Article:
The June 6th protest was loud, raucous and certainly inconvenient for persons who drive up and down Washington Avenue, but I think we must give the marchers, speakers and organizers much credit for working with Belleville police (who were exemplary in how they handled the event) to conduct a peaceful protest and march. When you look at the rioting and the killing in the streets occurring all over the nation, the June 6th Belleville Allies and Black Lives Matter protest was a great example of free expression in action. What the speakers and marchers said may have been uncomfortable (it was for me, admittedly — coming from a family with more than its share of police and firefighters and having great respect for cops and firefighters, but knowing more than a few who should never have been on the job) but free speech and the right to peaceably assemble is not often comfortable or without confrontation.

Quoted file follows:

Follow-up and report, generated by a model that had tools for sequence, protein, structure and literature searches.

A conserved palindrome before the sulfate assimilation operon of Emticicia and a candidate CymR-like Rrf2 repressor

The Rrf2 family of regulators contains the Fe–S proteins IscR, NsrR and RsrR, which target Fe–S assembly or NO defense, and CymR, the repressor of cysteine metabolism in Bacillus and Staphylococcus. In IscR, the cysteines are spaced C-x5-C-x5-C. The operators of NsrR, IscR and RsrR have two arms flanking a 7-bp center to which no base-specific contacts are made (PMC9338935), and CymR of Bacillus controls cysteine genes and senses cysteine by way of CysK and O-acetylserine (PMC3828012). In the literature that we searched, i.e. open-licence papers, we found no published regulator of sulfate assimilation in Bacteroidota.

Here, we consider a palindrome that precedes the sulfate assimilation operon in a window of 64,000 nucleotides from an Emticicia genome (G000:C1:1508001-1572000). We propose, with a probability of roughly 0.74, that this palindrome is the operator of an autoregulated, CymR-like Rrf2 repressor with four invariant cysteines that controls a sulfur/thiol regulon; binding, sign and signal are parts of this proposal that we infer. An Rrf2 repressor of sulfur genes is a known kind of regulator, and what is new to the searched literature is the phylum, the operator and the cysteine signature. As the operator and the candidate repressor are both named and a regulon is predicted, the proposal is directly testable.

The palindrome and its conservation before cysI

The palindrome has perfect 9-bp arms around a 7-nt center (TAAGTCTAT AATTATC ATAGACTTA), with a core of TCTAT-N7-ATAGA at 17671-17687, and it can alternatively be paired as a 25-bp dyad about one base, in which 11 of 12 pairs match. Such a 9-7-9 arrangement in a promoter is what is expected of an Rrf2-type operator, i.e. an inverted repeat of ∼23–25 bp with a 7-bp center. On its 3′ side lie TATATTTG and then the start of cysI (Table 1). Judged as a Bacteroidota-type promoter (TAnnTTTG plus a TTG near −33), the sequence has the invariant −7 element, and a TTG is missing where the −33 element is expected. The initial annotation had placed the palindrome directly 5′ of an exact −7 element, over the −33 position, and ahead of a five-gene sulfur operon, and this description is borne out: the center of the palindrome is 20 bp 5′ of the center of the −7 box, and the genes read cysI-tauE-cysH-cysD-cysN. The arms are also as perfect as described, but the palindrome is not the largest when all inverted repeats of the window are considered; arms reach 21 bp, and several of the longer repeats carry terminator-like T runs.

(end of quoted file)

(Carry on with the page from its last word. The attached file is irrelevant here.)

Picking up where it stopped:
Free speech and a free press can be raucous, partisan and offensive, but in the end, it’s easy to understand why Thomas Jefferson said that he would prefer a nation with newspapers and no government than one with a government and no newspapers. Our nation’s founders — imperfect though they were — knew that a nation that would demand accountability from their government and fellow citizens would need to protect vigorous, confrontational and unpopular speech.

Disagree with the Belleville Allies and their beliefs and ideas if you wish, but I find admirable their efforts to peacefully protest against what they believe to be unjust and to educate and inform their fellow Belleville residents.